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Mail Archives: cygwin-developers/1999/06/07/13:16:18

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From: Chris Faylor <cgf AT cygnus DOT com>
Date: Mon, 7 Jun 1999 13:15:22 -0400
To: Mumit Khan <khan AT xraylith DOT wisc DOT EDU>
Cc: cygwin-developers AT sourceware DOT cygnus DOT com
Subject: Re: Text version of Windows error messages in small_printf considered harmful
Message-ID: <19990607131522.A1738@cygnus.com>
References: <37579252 DOT 34EB714E AT vinschen DOT de> <199906071552 DOT KAA02703 AT mercury DOT xraylith DOT wisc DOT edu>
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In-Reply-To: <199906071552.KAA02703@mercury.xraylith.wisc.edu>; from Mumit Khan on Mon, Jun 07, 1999 at 10:52:55AM -0500

On Mon, Jun 07, 1999 at 10:52:55AM -0500, Mumit Khan wrote:
>Corinna Vinschen <corinna AT vinschen DOT de> writes:
>> Chris Faylor wrote:
>> > Now that I've had the chance to use the extended error messages that
>> > Mumit recently added to smallprint.c, I have to say that I'm not thrilled.
>> > The error messages extend the length of the line so that things wrap
>> > in a way that makes it hard to read.  Worse, I've received a couple of
>> > strace logs from non-US users and the error messages are incomprehensible
>> > to me.  Another problem is that it is not easy to figure out exactly
>> > which error *code* is being displayed even when the error is in English.
>> I agree. I'm native german and it's easier for me to work with error
>> codes than with german or english error messages. It's definitely
>> easier to find related information with the error code instead of with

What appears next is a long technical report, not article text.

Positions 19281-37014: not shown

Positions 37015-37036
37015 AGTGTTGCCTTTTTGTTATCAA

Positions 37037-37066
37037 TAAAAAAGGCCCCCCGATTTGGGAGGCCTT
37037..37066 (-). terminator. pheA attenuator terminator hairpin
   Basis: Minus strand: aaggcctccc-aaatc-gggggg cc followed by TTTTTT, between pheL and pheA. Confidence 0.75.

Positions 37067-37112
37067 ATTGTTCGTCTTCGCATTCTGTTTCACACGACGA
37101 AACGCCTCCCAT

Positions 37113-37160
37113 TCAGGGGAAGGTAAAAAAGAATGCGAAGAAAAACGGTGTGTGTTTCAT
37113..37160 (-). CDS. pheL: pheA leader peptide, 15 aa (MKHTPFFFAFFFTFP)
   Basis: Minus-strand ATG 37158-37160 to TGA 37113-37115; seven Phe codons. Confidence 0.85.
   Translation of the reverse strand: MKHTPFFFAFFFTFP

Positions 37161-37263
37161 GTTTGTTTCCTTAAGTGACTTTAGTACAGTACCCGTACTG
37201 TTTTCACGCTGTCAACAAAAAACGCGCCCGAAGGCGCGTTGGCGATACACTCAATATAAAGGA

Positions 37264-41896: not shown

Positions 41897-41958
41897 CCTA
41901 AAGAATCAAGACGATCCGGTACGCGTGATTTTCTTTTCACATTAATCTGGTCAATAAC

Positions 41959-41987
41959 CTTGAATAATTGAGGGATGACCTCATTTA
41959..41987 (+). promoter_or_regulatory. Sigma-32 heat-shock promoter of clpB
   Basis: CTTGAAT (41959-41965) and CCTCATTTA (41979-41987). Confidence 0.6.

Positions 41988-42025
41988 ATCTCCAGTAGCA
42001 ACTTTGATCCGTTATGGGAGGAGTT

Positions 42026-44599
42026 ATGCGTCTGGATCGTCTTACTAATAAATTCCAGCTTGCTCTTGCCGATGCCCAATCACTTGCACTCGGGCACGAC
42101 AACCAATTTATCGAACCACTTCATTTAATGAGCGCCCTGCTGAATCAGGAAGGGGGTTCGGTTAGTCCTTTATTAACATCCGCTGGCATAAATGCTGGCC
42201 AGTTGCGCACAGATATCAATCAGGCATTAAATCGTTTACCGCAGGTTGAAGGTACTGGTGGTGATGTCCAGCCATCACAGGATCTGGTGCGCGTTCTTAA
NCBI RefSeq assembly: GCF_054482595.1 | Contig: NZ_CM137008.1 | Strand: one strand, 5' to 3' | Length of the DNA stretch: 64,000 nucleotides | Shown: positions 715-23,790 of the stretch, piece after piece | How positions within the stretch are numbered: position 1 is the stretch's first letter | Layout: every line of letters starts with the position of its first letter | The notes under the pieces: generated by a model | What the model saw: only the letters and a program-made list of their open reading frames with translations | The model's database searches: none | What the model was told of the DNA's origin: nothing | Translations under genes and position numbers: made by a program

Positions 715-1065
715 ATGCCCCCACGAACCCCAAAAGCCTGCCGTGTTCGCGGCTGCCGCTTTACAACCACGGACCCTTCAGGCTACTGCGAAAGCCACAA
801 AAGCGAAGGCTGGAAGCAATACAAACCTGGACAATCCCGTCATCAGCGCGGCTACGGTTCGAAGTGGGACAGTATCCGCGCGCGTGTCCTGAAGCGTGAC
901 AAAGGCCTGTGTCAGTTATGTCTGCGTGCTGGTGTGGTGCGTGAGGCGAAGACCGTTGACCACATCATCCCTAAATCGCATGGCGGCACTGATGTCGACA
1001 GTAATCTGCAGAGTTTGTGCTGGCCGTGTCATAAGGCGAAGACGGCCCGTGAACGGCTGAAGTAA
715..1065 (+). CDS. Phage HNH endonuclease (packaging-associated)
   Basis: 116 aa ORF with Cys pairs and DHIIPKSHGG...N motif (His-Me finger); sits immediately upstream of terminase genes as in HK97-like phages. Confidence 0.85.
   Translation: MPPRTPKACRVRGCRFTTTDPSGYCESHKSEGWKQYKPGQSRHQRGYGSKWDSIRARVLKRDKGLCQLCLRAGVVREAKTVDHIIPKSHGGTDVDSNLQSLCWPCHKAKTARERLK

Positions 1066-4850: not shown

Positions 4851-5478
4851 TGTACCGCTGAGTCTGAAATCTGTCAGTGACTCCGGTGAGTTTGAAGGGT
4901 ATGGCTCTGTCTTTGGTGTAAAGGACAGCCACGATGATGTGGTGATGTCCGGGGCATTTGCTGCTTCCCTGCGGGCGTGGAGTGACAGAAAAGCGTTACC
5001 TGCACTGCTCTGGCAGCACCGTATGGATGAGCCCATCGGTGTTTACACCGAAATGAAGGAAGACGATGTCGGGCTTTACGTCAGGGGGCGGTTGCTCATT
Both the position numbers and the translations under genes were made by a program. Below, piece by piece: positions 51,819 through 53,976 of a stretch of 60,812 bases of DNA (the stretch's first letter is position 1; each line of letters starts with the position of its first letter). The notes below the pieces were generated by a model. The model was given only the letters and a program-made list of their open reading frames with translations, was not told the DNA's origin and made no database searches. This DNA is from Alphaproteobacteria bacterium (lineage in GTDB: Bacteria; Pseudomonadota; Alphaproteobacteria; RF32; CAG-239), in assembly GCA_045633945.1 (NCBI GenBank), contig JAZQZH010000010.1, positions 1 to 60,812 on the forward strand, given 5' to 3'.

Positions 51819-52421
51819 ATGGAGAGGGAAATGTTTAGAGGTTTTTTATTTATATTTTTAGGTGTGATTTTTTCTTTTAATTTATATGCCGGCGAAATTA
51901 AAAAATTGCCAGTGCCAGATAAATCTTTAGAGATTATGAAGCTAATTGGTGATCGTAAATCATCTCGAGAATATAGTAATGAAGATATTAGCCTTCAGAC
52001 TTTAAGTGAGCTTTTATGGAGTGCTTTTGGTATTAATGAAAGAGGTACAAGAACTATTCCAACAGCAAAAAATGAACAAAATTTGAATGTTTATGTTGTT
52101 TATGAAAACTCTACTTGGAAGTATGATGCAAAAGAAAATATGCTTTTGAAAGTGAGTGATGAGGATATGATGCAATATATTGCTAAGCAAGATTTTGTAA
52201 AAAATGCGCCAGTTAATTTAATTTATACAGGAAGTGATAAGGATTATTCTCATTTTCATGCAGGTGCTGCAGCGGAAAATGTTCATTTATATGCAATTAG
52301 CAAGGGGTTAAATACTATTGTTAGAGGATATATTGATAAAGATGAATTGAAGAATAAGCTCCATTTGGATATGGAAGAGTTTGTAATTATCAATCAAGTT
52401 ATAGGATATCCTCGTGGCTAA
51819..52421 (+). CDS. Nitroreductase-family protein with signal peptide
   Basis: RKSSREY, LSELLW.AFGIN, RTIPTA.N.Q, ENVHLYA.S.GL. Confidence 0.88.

>> the error message.
>I on the other hand find it *very* cumbersome to look up error messages 
>when given just numbers; eg., 'dlopen: win32 error 113' or something 
>similar means nothing to a user, when something like 'dlopen: can't find
>shared library' means a lot more.

Sure it does.  But when it is a slightly more obscure error message the
correspondence to an ERROR_* define might be more useful.  In the Win32
API documentation they do mention ERROR_* defines from time to time,
although not as often as they should.

The definitions in include/winerror.h do not contain the text of the
message so, when you're displaying messages, you have to guess what
message corresponds to what ERROR_* define.

Of course, we could clutter up the strace output even more by including
the error number along with the error text but one of the problems is
that the strace files are a lot larger and a lot harder to read with the
addition of error messages.  Adding more text doesn't seem like the way
to go to me.

>However, since the code is problematic, it should be taken out or turned
>on via a env variable as Chris suggests.
>The language issue is trivial -- just force the language to be US English
>instead of native in the FormatMessage.

How does this work with "keeping the users in mind", then?  This helps
only US users.

>IMO One way to do this correctly is the following:
>- tag a set of these error codes as something we would like to display
>  using a human-readable message.
>- have a associative translation table using the error code as the key;
>  the table will have error messages formatted like sys_errlist to 
>  provide Unix-like consistency (eg., short and no embedded newlines!).
>- display only these messages as text.

I don't see any reason for this logic to be inside cygwin, actually.
The translation could easily be provided by some sort of strace file
filter or, eventually, by an strace program itself.


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